Fast getaway bolsters Fever squad
By Tom Rietmann | May 30, 2012
INDIANAPOLIS -- The Indiana Fever team, 3-0 after a pair of impressive road victories, is off to its best start since 2007. Numerous reasons exist for the fast getaway, but perhaps none is more important than Indiana's clampdown on opposing offenses.
The Fever has held its first three opponents to an average of 72.7 points, outscoring them by almost 12 a game. Indiana has harassed opponents into 22.0 turnovers a game while averaging 12.7 steals. The Fever also has held opponents to a 20 percent mark from the 3-point line (8 of 40).
Fever forward Tamika Catchings calls it “our defensive intensity.” It's what Indiana needs for any successful launch.
But as the Fever prepares for this weekend's double-dip against the New York Liberty -- at Bankers Life Fieldhouse on Saturday and at Newark, N.J., on Sunday -- other factors jump out about the team's strong start. It begins with the consistent, high-scoring production of Catchings, who is averaging 21.0 points a game with 7.3 rebounds, and Katie Douglas, who is at 19.3 points.
For Catchings, who is playing mostly power forward for the first time in her WNBA career, it has been a satisfying early season. Catchings' position switch is forcing defenses to decide whether to focus on her as she maneuvers around the floor or worry about the Fever's 3-point shooters in a three-guard lineup. Indiana is among the WNBA leaders from the 3-point arc, hitting 38.2 percent (21-of-55).
“It kind of opens up a lot of different options for the team,” Catchings said about her new position. “Guarding us is hard. Who are you going to come off of?
“We'll continue to get better and build off of it,” she added. “I feel like we're all getting more confident with me at the four (power forward).”
Coach Lin Dunn likes the results, too. Because Catchings no longer is chasing the opposing small forward around the court, her energy and legs are fresher. Plus, Indiana's plan provides Catchings, last year's league MVP, with a lot of leeway.
“We're getting her in the middle of the floor a lot more,” Dunn said. “She gets to bring the ball down the floor as a four player, which most four players in this league don't do. We move her around a lot more than a lot of four players. And she's really helping us, too, by taking other four players off the dribble. And then we have spot-up shooters around her.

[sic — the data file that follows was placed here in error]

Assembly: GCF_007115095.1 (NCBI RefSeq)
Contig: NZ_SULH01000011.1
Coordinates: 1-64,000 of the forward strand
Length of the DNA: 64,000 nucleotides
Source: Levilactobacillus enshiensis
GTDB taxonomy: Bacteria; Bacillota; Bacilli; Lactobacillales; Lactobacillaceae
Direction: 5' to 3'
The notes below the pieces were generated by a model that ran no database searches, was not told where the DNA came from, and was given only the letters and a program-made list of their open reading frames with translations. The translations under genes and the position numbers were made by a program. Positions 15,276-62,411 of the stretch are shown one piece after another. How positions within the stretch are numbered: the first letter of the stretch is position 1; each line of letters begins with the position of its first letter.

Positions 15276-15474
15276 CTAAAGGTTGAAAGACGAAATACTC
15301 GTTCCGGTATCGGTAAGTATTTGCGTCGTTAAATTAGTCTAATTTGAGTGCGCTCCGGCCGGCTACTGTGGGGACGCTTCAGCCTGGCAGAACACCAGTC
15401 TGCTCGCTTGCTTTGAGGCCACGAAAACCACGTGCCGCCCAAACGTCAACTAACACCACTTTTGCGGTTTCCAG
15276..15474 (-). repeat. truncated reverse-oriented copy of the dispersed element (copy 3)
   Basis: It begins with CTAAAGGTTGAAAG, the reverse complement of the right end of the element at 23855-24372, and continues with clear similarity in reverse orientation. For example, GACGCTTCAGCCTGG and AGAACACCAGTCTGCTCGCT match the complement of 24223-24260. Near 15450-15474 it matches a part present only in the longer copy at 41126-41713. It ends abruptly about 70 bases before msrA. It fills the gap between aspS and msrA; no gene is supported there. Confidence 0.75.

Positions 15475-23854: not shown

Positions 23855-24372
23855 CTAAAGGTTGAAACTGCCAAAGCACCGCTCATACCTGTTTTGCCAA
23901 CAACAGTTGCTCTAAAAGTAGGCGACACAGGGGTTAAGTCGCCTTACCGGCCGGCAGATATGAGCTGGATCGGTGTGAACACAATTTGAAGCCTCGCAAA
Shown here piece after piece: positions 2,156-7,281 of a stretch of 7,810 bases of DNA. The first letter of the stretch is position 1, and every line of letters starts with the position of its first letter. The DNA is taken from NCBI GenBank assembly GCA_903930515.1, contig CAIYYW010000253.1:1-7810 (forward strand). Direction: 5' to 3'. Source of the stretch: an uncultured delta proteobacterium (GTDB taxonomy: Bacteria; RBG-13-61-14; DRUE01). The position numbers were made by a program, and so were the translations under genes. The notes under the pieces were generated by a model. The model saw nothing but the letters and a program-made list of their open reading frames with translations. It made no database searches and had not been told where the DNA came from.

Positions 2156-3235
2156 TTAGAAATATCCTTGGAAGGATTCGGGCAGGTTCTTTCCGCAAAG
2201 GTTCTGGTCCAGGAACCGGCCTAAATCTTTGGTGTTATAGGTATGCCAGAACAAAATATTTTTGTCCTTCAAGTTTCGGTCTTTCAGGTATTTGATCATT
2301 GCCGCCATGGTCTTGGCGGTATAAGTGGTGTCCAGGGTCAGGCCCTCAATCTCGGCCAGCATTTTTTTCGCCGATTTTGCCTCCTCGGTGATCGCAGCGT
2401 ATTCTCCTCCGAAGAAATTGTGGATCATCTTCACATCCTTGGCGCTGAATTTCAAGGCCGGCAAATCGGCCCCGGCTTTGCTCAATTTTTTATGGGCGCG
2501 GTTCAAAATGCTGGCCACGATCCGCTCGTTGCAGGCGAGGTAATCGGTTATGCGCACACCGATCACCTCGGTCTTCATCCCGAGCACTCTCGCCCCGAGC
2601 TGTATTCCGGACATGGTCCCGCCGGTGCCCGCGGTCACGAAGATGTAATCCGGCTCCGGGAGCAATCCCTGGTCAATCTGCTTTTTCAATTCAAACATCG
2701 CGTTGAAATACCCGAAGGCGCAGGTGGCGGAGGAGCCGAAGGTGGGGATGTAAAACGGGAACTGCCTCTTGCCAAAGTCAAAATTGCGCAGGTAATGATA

“She has guard skills at the power forward position. So far, we've been real pleased with it.”
Indiana continues to slash and drive the ball enough to get to the free throw line and has made 64-of-77 there (83.1 percent). If the Fever continues to combine that kind of foul shooting with 3-point marksmanship and solid defense, the team will be hard to beat in its quest to return to the WNBA Finals.
Also, Dunn won't hesitate in 2012 to rely on what she views as the deepest, most experienced group of reserves the team has had in her nine years as an assistant and head coach.
Dunn is especially pleased with how Erlana Larkins and rookie Sasha Goodlett have performed as backups to post players Tammy Sutton-Brown and Jessica Davenport. The Fever's newest assistant coach, Mickie DeMoss, has used her expertise to help the entire group of post players. And Goodlett, the Fever's first-round draft pick from Georgia Tech, has contributed even faster than the team expected.
“She's not playing like a rookie,” Dunn said. “Sasha, with her physical play, is challenging the other post players for minutes. Larkins and Sasha are physical post players. They like contact. They initiate contact. Tammy and Davenport are more finesse-type post players. They're giving us a dimension we haven't had before. Sasha gets better every day.”
And point guards Erin Phillips and Briann January are working hard to feed the post. Each is averaging about 20 minutes a game. They have combined for 18 assists. Douglas, who occasionally plays point guard, has seven assists.
Phillips, a native Australian, will play for her national team in the Olympics and is expected to miss a few Fever games ahead of the WNBA's Olympic break in mid-July.
“We're really working on getting both Erin and Bri quality minutes and not wearing either out,” Dunn said. “We know there's going to come a time when Erin will miss some games. And we want Bri to be ready.
“I think they complement each other. What Bri has really given us off the bench is her defense. She's defending at a very high level. There's not another point guard in this league, I don't think, who can get by her. Having those two together, I think, is a huge plus.”
Dunn remains low-key and cautious about the Fever's unbeaten start. It includes home and road victories over Atlanta, which went to the league finals last year, and a road win at Chicago.
“It's nice to start 3-0,” the coach said, “but the good news about that is winning two on the road. It's tough to win on the road in this league. Nothing came easy. But you don't want to get a little complacent there.”